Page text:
Study Identifies Risk Factors for Long COVID


While the precise causes of long COVID remain elusive, a recent study by Columbia University Vagelos College of Physicians and Surgeons has provided new insights into its prevalence and risk factors. 

The study found that individuals with milder initial infections, including those vaccinated against SARS-CoV-2 and those infected with the Omicron variant, were more likely to recover swiftly. Importantly, recovery times for subsequent infections were consistent.

“Our study underscores the important role that vaccination against COVID has played, not just in reducing the severity of an infection but also in reducing the risk of long COVID,” said Elizabeth Oelsner, MD, MPH, the lead author and Herbert Irving Associate Professor of Medicine.

Involving over 4,700 participants from the Collaborative Cohort of Cohorts for COVID 19 Research (C4R), the study asked participants to report their recovery times post-SARS-CoV-2 infection. Between 2020 and early 2023, the median recovery time was found to be 20 days, with over 20 percent of adults not recovering within three months.

Women and individuals with pre-pandemic cardiovascular disease were particularly less likely to recover within this timeframe. Other pre-existing conditions such as chronic kidney disease, diabetes, asthma, chronic lung disease, depressive symptoms, and smoking history were initially linked to longer recovery times. However, these associations were not significant after adjusting for factors like sex, cardiovascular disease, vaccination status, and variant exposure.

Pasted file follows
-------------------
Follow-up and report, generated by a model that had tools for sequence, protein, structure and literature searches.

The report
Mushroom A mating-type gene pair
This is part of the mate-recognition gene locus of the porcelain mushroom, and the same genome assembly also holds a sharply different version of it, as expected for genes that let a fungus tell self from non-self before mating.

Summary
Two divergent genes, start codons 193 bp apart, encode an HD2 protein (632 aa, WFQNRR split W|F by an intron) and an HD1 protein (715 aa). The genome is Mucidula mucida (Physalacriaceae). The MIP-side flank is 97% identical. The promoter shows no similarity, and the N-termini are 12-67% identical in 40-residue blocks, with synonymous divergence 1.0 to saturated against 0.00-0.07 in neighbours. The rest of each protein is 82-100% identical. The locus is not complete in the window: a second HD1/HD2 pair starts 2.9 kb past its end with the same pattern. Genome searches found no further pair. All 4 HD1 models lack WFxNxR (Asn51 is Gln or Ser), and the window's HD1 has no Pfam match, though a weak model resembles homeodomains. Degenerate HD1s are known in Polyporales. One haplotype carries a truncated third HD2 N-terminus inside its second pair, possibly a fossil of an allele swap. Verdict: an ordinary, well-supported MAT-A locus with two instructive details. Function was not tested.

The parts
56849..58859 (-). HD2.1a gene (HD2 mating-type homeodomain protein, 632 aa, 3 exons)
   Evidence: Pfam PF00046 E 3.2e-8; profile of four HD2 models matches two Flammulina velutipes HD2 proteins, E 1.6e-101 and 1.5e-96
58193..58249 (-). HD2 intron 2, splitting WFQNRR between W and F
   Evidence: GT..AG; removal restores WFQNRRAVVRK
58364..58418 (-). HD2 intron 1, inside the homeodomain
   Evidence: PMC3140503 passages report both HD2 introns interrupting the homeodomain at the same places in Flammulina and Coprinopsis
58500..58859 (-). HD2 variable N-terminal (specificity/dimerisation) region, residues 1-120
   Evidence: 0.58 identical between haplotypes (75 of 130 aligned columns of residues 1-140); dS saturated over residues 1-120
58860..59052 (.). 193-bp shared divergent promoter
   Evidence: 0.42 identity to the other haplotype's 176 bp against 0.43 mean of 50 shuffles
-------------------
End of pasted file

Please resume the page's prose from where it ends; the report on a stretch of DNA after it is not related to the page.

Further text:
“Although studies have suggested that many patients with long COVID experience mental health challenges, we did not find that depressive symptoms prior to SARS-CoV-2 infection were a major risk factor for long COVID,” said Dr. Oelsner.

The study also highlighted that American Indian and Alaska Native participants were disproportionately affected by severe infections and longer recovery times.

“Our study clearly establishes that long COVID posed a substantial personal and societal burden,” added Dr. Oelsner. “By identifying who was likely to experience a lengthy recovery, we gain a better understanding of who should be prioritized in ongoing research to mitigate or prevent the long-term effects of SARS-CoV-2 infection.”

Integrative practitioners should be aware of these findings as they provide a framework for identifying at-risk patients and tailoring interventions to support long-term recovery from COVID-19.